Now we’re getting to the nut of it. In my November editorial, I recounted the first step in adding digital playback to my main review system, which is in the basement listening room of my Toronto townhouse. Until then, that system had been analog only (or mostly analog). The first step was getting my Roon ROCK to pump out music through a Logitech Squeezebox Touch streamer to the secondary system on the main floor. Then in December, I started a deep dive into Roon and also added the Meitner Audio MA3 streaming DAC, which now sits defiantly next to my VPI Prime Signature turntable.

Analog and digital

I was more than a little apprehensive about introducing the MA3 to my reference system. I’d brought my Squeezebox Touch streamer downstairs once or twice in the past to run through some test signals, and while it was down there, I took a quick listen. It astonished me how good this 13-year-old, $300 DAC sounded. Both times I did this, I quickly disconnected the Touch and scurried back upstairs with it, unwilling to conceptualize what a high-end DAC might bring to my reference system. As Kurt Vonnegut said, “You can’t fight progress. The best you can do is ignore it, until it finally takes your livelihood and self-respect away.” Let’s hope it doesn’t come to that.

As I write this, I’ve had the MA3 in my main system for a month, and the nervousness has worn off. First things first—as I’ve been keen to point out, I’ve never had a high-end DAC in my reference system before, so I’m not going to make a judgment call on how it sounds compared to other DACs. This isn’t a review.


I’m going to do something far more dangerous—compare the sound of the MA3, and my reaction to it, to my VPI Prime Signature, which is right now armed with a DS Audio W3 optical cartridge feeding an EMM Labs DS-EQ1 optical phono equalizer.

Mark this, though. I am not going to wade into a which-sounds-better swamp—a perilous place filled with potential pitfalls. But I may well express preferences.

EMM Labs

As I stated last month, the MA3 works perfectly with Roon. As such, it allows me to immerse myself in Roon’s labyrinth of musical choices as I hop from one band to another based on degrees-of-separation of their personnel, or any other bolt of lightning that strikes my fancy.

Strikes my fancy. That’s an anachronism, but it’s appropriate here. For the first couple of weeks, I found myself jumping from one song to another, as the novelty of having musical choices at my fingertips overtook my desire to just listen. I was expecting this, so I just ran with it. Sure enough, after a while, I settled down and started listening through the software and experiencing the music at a deeper level.

Another instant benefit—remote volume control! The MA3 comes with a high-quality remote that has a wonderful hand feel. The on-board VControl volume control, first used in sister-company EMM Labs’ DV2 DAC, “maintains the input signal without re-quantization, allowing for complete transparency at any volume setting, a wide attenuation range, and no loss of audio resolution.”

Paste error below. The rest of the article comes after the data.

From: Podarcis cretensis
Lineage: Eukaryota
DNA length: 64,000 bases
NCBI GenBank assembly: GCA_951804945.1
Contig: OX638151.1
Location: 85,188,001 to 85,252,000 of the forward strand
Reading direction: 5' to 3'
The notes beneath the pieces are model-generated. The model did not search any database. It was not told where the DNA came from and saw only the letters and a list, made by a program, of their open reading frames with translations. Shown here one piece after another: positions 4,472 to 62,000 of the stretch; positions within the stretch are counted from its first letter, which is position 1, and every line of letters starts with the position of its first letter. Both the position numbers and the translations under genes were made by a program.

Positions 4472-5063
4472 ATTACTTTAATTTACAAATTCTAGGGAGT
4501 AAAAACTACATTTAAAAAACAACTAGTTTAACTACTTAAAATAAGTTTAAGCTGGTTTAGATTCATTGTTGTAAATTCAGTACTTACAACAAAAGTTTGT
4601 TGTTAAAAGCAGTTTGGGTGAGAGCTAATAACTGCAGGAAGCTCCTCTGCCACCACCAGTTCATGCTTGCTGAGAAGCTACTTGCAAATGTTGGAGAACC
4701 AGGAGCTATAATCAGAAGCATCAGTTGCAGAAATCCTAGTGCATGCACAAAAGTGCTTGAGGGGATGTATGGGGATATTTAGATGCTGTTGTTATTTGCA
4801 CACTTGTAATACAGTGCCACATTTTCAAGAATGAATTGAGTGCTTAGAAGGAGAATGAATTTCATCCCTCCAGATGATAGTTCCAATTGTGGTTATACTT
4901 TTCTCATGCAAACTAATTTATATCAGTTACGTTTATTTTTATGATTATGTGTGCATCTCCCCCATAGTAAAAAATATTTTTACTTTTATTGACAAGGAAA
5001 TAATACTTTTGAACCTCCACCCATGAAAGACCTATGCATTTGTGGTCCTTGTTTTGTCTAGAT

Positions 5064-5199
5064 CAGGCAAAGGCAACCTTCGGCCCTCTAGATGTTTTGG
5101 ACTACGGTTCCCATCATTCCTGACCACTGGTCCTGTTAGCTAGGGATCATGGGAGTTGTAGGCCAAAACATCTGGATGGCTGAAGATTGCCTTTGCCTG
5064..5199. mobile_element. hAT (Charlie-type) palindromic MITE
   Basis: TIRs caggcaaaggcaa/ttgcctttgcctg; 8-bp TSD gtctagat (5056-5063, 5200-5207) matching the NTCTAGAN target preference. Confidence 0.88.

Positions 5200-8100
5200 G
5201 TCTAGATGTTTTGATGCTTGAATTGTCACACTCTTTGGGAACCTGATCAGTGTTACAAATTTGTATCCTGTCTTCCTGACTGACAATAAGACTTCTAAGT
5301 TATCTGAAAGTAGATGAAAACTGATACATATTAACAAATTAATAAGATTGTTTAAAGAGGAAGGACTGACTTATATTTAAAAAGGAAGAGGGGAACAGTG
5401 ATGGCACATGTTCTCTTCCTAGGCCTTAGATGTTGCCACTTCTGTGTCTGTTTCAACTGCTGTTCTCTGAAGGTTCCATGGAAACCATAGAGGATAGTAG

As my own Sonic Frontiers SFL-2 preamp doesn’t have a remote control, I found it quite handy to be able to adjust the volume from my listening position. When I was using the MA3 in isolation, I’d just knock the SFL-2’s volume knob up a few notches beyond my day-to-day maximum and fine-tune it downward with the MA3’s remote.

A more significant benefit was the ability to match the volume between vinyl and digital. I’m not sure if it was coincidental, but the output levels of the MA3 and the EMM Labs DS-EQ1 phono stage were pretty damn close. When I played the LP and digital file of the same recording, the LP was consistently just a hair softer, but I never had to lower the MA3 any further than 92 (from its maximum volume level of 100) to get a close match. I did not use an SPL meter; I just matched levels by ear.

Pre full

Okay—I hear you. I didn’t try very hard to verify that I was hearing the same master during vinyl and digital playback. With most selections, I’d try, but there are no guarantees in life, and who the hell knows the provenance of Tidal’s albums anyway? And the CDs I’d ripped to my local library? I got rid of the physical media several years back, so I’m not sure about those masters either.

Still, the digital and vinyl versions of some albums sounded so similar that it was seriously difficult to tell them apart. These recordings, I convinced myself, must be from the same master tape. But more on that later.

Some more about the MA3—this DAC-streamer is designed and built from the ground up here in Canada by Ed Meitner and his team. Whereas most audiophile DACs employ off-the-shelf DAC chips from companies like ESS Technology and Texas Instruments, the MA3 uses EMM Labs’ in-house MDAC2, a fully discrete, single-bit D-to-A converter with an internal conversion rate of 1024fs (16xDSD). It’s important to note that Meitner was one of the pioneers of DSD and worked hand in hand with Sony and Philips on its development. My ears perked up when, in one of our conversations, Meitner responded to a question about the benefit of DSD256 versus DSD64 files. He explained that he worked on an early DSD64 analog-to-digital converter and that this was already total overkill as an audio format.